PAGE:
Poultry farmers are considering protesting over rules which could see illegal eggs from battery-caged hens being imported into the UK from Europe, the NFU says.

Union president Peter Kendall said poultry farmers were furious over European Commission rules which will ban conventional caged hens across the EU from next year, but have no way of checking whether member states comply.

Speaking at an NFU council meeting in Leamington Spa on Tuesday (11 October), Mr Kendall said the Commission had been in ‘downright denial’ over the problems in implementing the policy.

While poultry farmers in the UK were set to be entirely compliant with the rules by the end of 2011, almost a quarter of European hens (23%) would still be housed in conventional cages.

Spain in particular had 37m hens still housed in battery cages, with no way of knowing whether the eggs were being exported into the UK for processing.

Mr Kendall said the Commission had its head in the sand over the potential problems the new legislation posed.

“Producers are right to be furious,” he said. “The Commisison has been in downright denial and now is starting to realise the problems at the 11th hour.”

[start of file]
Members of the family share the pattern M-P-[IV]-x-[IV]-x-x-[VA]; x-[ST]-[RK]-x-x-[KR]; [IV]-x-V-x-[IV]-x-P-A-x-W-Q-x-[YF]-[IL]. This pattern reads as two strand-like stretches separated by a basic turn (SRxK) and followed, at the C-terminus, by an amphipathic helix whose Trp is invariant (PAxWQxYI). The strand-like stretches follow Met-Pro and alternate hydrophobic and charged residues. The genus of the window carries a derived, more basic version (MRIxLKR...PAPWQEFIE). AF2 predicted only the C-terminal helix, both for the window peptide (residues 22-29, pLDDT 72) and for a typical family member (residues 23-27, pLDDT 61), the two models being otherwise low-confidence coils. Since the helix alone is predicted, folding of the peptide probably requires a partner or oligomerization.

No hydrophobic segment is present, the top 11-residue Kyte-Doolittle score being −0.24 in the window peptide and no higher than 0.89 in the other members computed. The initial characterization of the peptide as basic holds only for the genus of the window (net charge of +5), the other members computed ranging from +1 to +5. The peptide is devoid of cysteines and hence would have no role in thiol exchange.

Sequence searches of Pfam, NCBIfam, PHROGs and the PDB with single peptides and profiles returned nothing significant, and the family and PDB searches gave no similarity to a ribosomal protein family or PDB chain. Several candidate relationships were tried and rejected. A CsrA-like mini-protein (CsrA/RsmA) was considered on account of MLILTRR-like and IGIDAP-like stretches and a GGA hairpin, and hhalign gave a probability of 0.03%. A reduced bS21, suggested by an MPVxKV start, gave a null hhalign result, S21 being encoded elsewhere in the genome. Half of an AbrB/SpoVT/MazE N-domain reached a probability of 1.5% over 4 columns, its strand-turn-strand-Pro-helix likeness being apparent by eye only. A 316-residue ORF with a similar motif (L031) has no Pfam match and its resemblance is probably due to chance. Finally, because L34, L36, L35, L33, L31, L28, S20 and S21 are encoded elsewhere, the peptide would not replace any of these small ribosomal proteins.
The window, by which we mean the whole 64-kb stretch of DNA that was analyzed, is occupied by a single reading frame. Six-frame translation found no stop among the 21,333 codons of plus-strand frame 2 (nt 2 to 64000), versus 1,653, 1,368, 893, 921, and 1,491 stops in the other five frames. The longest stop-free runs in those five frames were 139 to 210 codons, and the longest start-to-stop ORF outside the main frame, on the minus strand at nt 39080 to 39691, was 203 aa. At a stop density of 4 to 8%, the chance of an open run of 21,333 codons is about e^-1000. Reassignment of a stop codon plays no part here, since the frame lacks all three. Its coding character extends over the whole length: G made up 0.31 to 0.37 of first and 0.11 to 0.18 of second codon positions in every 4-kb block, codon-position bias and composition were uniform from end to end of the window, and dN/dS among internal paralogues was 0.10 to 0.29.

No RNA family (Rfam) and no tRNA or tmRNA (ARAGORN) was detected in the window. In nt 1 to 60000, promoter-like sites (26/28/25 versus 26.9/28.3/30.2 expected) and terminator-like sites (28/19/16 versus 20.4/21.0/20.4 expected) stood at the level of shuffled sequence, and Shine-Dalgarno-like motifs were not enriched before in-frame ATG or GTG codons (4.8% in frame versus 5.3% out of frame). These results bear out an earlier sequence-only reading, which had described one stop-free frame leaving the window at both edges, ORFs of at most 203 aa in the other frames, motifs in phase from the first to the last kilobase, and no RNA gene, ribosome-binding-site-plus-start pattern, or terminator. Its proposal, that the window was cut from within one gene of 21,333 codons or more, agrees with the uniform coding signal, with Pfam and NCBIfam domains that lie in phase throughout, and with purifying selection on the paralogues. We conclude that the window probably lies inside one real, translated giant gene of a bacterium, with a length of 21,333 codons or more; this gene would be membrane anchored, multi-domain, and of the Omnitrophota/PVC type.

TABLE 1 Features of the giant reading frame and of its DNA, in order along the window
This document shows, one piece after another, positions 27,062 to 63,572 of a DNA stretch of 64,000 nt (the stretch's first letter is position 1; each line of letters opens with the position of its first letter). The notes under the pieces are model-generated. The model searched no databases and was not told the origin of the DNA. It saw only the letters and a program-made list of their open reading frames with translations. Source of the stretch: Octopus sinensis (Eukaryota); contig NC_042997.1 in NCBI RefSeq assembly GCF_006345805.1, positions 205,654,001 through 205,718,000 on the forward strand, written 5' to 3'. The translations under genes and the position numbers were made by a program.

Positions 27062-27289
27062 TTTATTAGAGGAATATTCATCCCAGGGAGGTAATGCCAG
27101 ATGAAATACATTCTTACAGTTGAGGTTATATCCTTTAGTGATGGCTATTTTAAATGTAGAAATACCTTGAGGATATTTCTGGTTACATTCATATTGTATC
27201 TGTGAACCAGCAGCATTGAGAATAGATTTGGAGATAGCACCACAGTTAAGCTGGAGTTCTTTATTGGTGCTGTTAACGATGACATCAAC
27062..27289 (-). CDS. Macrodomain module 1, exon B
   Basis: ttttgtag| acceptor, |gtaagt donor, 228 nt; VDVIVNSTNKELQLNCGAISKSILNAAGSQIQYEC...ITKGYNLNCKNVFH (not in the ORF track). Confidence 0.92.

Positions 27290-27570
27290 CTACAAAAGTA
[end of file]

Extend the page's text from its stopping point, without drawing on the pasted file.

His comments came after Kelly Watson, NFU chief poultry advisor, said the Commission needed to act swiftly to find a way to get egg producers across the EU to comply with the rules, or to keep illegal eggs from entering the UK.

“We want the commission to say how they are going to deal with this,” she said.

“European Health Commissioner John Dali spoke to the European Parliament last week and said he wanted to look for a political solution. We want eggs to stay in the borders of the member state and Dali said that was his preferred option too.

“But we are going to push DEFRA on this, we are writing to food chain representatives and we want to get retailers on side so UK producers aren’t unfairly disadvantaged.

“Farmers are willing to campaign on this next January if imports are allowed in.”


What’s your view? Join the conversation on our forum on the EC cage ban